According to Professor Kelton Tremellen, a co-author of the paper, we’re seriously underestimating the impact of age on fertility, which leaves approximately 10 per cent of the female population without any good quality eggs by their mid-thirties.
But most interestingly, the study found that many women are living with premature ageing of the ovaries, and have no idea until they start trying to fall pregnant. By that point, it might already be too late.
We spoke to Dr Joseph Sgroi, a highly experienced obstetrician, fertility specialist and gynaecologist, about the signs that you probably won’t have any problems – as well as the symptoms you should look out for.
You’re having regular sex that isn’t painful
Having regular sex is probably a good start when it comes to getting pregnant.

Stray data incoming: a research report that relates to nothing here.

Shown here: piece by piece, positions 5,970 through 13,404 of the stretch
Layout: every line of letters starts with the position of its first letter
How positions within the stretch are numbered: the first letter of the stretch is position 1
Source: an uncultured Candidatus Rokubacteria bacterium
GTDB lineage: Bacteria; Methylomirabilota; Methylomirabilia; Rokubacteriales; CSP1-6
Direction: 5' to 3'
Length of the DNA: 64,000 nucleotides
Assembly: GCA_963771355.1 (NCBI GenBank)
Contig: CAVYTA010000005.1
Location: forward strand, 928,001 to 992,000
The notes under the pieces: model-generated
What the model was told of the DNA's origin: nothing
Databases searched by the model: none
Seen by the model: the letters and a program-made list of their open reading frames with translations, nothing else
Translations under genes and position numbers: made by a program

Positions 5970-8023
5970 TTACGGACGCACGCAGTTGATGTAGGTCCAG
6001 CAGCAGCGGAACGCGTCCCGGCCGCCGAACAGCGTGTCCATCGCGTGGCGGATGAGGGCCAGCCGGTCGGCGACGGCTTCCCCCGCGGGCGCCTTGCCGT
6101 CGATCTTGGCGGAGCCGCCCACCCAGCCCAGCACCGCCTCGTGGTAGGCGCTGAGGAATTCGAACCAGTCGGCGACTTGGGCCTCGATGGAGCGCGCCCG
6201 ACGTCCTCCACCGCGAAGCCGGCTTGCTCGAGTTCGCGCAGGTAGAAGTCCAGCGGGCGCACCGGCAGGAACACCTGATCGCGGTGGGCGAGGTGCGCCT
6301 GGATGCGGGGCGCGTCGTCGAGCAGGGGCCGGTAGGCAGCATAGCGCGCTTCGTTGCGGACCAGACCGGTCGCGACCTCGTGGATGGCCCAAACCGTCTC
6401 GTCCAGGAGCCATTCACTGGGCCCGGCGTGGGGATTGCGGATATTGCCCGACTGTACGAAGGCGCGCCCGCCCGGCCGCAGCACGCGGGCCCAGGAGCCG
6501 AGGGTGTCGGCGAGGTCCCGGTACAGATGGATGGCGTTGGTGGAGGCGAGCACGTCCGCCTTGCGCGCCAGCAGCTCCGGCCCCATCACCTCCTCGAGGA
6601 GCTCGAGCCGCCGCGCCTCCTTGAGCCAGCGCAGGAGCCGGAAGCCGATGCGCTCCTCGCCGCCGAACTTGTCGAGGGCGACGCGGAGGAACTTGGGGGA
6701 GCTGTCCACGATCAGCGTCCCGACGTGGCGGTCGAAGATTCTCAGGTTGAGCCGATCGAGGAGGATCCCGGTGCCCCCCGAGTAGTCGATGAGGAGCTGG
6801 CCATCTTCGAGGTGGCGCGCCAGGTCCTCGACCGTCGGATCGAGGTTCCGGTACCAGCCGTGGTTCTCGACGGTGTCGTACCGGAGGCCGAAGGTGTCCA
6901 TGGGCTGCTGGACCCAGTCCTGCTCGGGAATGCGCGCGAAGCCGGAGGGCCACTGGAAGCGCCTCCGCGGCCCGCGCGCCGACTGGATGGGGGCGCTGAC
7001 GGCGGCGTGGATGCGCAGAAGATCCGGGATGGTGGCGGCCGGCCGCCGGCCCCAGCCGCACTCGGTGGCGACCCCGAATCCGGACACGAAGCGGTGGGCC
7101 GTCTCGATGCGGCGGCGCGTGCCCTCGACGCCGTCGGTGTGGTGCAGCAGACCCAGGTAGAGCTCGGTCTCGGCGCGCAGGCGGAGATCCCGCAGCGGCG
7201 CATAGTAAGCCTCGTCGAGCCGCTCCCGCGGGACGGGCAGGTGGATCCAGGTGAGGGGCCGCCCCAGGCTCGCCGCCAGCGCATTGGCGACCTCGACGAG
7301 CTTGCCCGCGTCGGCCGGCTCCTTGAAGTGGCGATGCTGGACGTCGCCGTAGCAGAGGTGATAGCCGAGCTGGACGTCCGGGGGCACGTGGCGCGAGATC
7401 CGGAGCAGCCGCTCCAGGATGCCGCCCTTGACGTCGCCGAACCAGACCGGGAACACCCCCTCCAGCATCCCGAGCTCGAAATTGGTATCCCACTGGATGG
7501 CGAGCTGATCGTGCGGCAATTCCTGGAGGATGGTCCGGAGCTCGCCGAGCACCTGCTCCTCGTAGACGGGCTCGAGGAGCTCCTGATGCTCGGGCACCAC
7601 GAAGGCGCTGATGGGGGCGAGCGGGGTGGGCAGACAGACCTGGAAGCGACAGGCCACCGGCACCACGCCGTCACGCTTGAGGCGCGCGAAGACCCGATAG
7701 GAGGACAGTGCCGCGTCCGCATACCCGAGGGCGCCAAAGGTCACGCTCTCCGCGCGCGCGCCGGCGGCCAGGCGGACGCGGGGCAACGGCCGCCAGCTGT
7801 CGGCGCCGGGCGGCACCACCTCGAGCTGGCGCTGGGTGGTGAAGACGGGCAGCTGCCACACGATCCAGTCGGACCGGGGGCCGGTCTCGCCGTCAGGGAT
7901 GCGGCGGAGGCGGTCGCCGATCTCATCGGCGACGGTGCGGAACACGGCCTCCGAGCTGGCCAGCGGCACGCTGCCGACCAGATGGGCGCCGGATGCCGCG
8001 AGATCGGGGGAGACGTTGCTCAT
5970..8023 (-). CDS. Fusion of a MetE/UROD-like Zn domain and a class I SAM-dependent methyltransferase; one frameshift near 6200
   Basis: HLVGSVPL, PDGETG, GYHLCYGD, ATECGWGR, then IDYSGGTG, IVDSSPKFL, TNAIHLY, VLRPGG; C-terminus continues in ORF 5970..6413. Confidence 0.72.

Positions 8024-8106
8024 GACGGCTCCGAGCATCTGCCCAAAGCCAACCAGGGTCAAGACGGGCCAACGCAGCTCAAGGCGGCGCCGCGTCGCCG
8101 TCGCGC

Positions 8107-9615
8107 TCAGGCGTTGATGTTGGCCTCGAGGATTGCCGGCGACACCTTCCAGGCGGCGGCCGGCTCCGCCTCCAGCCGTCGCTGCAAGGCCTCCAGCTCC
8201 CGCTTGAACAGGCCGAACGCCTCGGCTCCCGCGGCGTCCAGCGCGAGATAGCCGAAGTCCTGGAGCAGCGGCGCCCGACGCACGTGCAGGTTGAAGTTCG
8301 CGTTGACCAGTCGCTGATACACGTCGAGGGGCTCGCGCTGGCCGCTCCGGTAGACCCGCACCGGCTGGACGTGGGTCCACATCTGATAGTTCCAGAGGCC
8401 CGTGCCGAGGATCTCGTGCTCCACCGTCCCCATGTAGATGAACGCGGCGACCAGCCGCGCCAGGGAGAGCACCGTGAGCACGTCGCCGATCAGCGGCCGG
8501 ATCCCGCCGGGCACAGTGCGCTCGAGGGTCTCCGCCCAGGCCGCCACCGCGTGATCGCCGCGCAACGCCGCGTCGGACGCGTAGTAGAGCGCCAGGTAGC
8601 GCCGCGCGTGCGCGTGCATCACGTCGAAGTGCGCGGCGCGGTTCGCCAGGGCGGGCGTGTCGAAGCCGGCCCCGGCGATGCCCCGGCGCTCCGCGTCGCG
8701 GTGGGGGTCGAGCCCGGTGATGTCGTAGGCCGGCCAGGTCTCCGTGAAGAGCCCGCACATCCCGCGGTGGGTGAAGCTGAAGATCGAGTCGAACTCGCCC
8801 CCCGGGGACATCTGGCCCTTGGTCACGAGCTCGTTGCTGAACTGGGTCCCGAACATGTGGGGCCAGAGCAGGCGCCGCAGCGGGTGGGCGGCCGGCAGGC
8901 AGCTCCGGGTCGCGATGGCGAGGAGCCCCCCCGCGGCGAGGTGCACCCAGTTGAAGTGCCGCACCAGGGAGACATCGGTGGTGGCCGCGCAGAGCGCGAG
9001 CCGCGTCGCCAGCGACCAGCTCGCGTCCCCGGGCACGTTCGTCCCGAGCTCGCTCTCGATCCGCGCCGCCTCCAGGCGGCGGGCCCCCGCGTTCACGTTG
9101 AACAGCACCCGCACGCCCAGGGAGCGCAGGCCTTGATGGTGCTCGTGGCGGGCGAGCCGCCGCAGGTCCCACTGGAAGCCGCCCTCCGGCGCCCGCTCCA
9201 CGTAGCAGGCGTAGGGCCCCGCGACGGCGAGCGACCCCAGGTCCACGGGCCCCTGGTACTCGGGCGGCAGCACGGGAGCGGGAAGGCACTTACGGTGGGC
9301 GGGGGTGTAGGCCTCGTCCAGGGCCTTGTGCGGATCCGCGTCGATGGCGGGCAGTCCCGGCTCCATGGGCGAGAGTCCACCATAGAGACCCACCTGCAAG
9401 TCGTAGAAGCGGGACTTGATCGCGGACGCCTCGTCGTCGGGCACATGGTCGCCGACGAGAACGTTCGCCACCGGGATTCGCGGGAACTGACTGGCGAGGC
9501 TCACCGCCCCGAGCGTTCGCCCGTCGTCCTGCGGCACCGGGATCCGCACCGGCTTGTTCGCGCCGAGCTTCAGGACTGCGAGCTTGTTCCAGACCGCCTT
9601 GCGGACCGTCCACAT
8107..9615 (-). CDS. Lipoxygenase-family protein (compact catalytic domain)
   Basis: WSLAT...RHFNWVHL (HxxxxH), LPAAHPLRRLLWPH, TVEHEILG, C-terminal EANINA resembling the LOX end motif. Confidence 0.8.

But interestingly, Dr Sgroi says pain during intercourse could be an indication of a health condition that might affect fertility.
“Pain during sex could be a symptom of endometriosis,” Dr Sgroi said.
Endometriosis, which affects one in 10 women, can cause damage to the reproductive system, making it significantly more difficult for some to fall pregnant.
Inflammatory changes brought on by the endometriosis can create what Monash IVF call a “hostile” environment for the egg, sperm and embryo.
According to a 2017 study in Reproductive Sciences, two out of three women with endometriosis will experience some sort of sexual dysfunction. Some women describe the pain during intercourse as mild, while other feel a sharp, stabbing pain that can last for hours or even days after sex.